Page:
Sunday 18 March 2018

Silly season: How a figment of an Irish journalist's imagination made it on to 'The Times' Top 50 most-wanted young players

He was placed ahead of Mesut Ozil and Robert Lewandowski

Masal Bugduv was completely fictitious and, spelled differently, means 'Small Black Donkey' in Irish
Masal Bugduv was completely fictitious and, spelled differently, means 'Small Black Donkey' in Irish
Kevin Palmer

Kevin Palmer

Let’s start with the curious case of Masal Bugduv.

Back in 2008, Irish journalist Declan Varley tested the journalistic waters by throwing a large rock into the football pool and with the intention of seeing where the ripples ended up.

To his astonishment, his online blogs about an entirely fictional Moldovan player he dreamed up to test the theory that some football fans will believe anything they read in the transfer gossip columns became a worldwide global phenomenon.

Never mind that teenager Masal didn’t have a pulse, as Varley’s fantasy footballer was transformed from being a figment of his imagination into a player whose name was being linked with moves to the world’s top clubs.

Manchester City manager Mark Hughes and Spurs boss Harry Redknapp even faced questions at press conferences about their interest in Bugduv, with the viral spread of excitement over a player who didn’t even exist directing a glaring spotlight on a curious football obsession that has grown to epidemic proportions the last decade.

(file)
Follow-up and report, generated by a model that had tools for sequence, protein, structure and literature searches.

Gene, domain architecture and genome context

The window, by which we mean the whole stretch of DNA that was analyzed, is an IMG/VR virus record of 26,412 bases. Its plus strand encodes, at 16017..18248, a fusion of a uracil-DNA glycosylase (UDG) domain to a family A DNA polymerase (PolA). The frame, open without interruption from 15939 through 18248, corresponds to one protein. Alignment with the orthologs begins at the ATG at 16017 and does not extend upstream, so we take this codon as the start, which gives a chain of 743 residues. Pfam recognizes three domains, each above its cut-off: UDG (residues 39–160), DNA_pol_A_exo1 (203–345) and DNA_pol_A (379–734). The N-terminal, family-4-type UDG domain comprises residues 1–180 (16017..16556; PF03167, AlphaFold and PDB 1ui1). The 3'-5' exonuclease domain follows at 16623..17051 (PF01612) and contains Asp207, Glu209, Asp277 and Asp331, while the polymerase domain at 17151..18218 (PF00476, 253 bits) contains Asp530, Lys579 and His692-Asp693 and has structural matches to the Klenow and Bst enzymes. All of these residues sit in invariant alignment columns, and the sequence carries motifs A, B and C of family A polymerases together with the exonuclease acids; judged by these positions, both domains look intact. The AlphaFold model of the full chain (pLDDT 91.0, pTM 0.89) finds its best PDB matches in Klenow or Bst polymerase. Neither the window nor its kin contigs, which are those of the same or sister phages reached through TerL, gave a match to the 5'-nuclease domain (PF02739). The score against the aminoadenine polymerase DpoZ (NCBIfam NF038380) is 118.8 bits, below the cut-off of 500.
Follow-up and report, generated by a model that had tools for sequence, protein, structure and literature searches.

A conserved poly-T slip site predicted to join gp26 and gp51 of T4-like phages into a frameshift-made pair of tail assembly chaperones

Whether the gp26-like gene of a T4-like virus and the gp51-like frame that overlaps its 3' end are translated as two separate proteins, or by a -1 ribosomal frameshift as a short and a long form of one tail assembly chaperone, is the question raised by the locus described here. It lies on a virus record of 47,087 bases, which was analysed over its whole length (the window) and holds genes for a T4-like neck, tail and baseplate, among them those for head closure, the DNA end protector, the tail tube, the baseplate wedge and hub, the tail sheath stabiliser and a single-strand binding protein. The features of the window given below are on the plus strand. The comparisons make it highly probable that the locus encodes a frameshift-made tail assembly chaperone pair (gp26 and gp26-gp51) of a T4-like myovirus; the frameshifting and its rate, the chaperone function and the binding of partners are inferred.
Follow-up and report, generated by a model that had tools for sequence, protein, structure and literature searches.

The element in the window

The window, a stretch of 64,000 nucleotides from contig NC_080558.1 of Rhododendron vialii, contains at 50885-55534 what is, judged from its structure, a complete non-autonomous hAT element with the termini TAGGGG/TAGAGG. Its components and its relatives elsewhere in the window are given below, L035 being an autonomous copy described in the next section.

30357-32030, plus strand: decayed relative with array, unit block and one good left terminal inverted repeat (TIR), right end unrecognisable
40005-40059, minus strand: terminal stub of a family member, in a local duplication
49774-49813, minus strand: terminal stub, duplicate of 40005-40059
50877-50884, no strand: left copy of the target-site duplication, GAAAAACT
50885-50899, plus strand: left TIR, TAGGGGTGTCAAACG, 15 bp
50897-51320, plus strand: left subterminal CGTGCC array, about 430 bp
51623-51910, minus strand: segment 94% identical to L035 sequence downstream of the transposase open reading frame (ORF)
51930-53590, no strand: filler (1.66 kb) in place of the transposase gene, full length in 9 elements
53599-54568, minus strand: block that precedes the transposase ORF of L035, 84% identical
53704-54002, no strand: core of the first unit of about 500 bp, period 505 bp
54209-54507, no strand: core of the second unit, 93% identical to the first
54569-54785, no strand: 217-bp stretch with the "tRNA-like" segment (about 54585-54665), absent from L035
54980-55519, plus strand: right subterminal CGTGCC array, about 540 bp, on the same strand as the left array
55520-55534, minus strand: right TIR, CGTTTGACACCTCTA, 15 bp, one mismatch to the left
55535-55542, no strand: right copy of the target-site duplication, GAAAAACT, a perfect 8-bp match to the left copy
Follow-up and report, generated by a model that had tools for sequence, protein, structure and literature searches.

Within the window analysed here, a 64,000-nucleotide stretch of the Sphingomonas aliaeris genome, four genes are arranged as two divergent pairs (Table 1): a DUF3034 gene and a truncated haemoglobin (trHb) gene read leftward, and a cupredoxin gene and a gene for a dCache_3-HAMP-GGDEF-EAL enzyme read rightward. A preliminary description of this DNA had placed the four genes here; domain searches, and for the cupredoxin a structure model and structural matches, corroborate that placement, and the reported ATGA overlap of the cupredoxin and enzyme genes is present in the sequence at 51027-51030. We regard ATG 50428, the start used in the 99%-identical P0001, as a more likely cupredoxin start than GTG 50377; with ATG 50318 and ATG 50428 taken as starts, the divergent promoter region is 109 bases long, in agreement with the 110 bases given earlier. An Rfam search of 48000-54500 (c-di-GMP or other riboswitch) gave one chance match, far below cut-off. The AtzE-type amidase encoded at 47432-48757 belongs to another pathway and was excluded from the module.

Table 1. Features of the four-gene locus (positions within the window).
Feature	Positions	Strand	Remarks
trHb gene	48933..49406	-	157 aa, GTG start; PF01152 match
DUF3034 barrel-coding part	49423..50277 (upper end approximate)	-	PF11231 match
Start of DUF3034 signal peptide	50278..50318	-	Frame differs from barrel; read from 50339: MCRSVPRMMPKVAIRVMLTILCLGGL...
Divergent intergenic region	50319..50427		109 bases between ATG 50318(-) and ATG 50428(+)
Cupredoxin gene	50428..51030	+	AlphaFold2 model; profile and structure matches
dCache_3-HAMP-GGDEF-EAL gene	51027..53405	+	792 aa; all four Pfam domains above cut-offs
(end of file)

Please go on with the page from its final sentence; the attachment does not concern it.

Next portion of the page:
“It was in the days before Twitter, when we had internet blogs that fuelled rumours of transfers,” Declan told

“I could see how these stories were developing on blogs and ending up in the mainstream media, so I decided to invent a player and see how far it would go.

“I went onto Wikipedia, added Masal Bugduv to the Moldovan national team and wrote a few stories that were made to look like they had come from respected news agencies.

“The idea was to present Bugduv as the next big thing in Eastern European football after Romanian great Gheorghe Hagi and to present an image of a player who was the best young player in the game.

“Amazingly, this little idea exploded to levels I could never have imagined and it highlighted how fake news can become reality if presented in the right way.